Using the online Comic “Rabbit and Bear Paws” to teach about storytelling in the Aboriginal Community
Section One: Project/Lesson Overview
Social Studies (You and Your World in Atlantic Canada ) – outcomes from Y and YW Curric. guide
Oral traditions - Storytelling
Students will be expected to recognize that Aboriginal peoples' relationship with place has changed over time
Elaborations: • recognize that there are Aboriginal peoples • compare where Aboriginal peoples live today with where they lived in the past • give examples of past and present interactions between Aboriginal peoples and place
Section Two: Project/Lesson Implementation
Equipment/Materials Required : Computer lab or a computer and a computer projector or both. http://www.rabbitandbearpaws.com/index.php?p=1 ; a copy for each student or an overhead of The Granddaughter who was Eaten by a Big Fish (pdf download HERE)
Aboriginal peoples have inhabited Atlantic Canada since time immemorial. The four traditional Aboriginal groups include the Mi'kmaq, Maliseet, Inuit, and Innu peoples. Each developed a distinct relationship with place including the land, water, resources, and climate. Help children develop an awareness of and an appreciation for Aboriginal communities in the Atlantic region. Students will learn that the relationship Aboriginal peoples have with place has changed over time.
It is important that the learning experiences avoid becoming a stereotypical study of early Aboriginal peoples. The goal is for students to realize that Aboriginal communities, like all communities, have evolved over time.
1. The teacher will bring the students to the computer lab or set up a computer projector (In-Focus machine - the projector set up in the lab with the students at their own computers works well).
2. The students will read pages 14-17 at rabbitandbearpaws.com/archives.html .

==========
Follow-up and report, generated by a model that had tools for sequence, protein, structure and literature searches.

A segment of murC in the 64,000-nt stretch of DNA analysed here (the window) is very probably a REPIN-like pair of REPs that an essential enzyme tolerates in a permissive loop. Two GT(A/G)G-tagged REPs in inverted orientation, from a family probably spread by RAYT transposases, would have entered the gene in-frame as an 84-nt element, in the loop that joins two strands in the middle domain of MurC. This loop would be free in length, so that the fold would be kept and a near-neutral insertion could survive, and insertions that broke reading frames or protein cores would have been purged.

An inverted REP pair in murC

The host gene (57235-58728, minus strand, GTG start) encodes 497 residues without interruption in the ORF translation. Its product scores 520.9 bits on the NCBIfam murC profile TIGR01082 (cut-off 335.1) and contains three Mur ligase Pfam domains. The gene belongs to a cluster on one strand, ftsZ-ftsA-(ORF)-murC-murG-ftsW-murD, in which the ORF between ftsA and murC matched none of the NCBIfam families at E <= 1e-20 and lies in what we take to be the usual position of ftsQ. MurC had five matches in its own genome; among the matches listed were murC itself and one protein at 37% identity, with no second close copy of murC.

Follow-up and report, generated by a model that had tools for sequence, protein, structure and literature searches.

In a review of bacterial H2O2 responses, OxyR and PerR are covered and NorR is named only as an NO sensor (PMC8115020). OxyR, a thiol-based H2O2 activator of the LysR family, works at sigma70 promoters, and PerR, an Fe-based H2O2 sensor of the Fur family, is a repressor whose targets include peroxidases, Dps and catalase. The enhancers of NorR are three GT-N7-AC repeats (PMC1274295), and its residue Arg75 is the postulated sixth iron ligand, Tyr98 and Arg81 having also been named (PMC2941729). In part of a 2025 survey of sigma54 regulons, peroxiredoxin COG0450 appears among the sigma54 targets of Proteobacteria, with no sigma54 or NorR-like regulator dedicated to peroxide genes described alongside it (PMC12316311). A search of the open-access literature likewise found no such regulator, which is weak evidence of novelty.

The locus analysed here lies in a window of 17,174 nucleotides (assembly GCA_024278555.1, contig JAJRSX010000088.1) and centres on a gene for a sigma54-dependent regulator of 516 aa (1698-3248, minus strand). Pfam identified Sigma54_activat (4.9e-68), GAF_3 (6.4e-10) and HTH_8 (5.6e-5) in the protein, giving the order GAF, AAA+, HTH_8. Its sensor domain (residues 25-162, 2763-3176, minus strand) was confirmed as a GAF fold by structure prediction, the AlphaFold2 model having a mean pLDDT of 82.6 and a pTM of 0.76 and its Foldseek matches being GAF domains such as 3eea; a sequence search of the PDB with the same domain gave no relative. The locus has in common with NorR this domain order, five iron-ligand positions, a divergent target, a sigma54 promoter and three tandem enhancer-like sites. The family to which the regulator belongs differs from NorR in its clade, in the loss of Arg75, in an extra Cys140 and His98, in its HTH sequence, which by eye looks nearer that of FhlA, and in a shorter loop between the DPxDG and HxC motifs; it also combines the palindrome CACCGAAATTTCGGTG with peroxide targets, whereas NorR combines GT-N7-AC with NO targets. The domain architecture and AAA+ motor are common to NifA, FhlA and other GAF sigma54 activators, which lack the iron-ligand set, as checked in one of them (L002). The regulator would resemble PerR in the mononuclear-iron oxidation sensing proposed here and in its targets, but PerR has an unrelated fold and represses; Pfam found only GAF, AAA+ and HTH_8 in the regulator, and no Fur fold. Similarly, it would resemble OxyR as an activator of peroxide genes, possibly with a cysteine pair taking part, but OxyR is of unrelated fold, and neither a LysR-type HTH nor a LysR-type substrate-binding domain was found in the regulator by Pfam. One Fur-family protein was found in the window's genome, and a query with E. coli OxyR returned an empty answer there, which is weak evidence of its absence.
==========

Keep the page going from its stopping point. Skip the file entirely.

3. The teacher will explain how the oral story telling was and is very important to the Aboriginal people.
The teacher may use a version of this to explain the importance of storytelling:
4. Students and teacher will then read the story The Granddaughter who was Eaten by a Big Fish (pdf download HERE)
Activities: The teacher will get students into a circle and discuss what the point of the two stories was. What was learned?
5. If possible, have an elder from a local First Nations Community conduct a story telling session.
Suggested Assessment Strategies:
Involve students in a “talking circle” in which they retell stories to reflect the importance of oral tradition to the Mi'kmaq and Maliseet
Section Three: Project/Lesson Resources
Teacher Generated Resources: All of the teacher generated resources contributed to support this lesson are available for download by clicking on the link(s) below:
Disclaimer: The recommended web-resources included here have been scrutinized for their grade and age appropriateness; however, contents on links on the Internet change continuously. It is advisable that teachers preview all links before recommending them to students.
Section Four: Additional Information
Additional Comments: Can be adapted to go along with a Language Arts Fables unit. If you have one or two aboriginal student in the class, do not single them out or use them as “experts”. But you may want to contact their parents to see if they or the grand parents would like to be a part of this lesson – for instance, invite them to sit in on the story telling session with the invited elder.
Lesson by Scott Tingley
Any questions or comments, contact me at comicsintheclassroom @ gmail.com
|Contents on links on the Internet change continuously. It is advisable that teachers and parents preview all links before recommending them to children.|
The prior copyright notice was in error. The correct copyright notification is Comics in the Classroom, (C) Scott Tingley 2007 All rights reserved.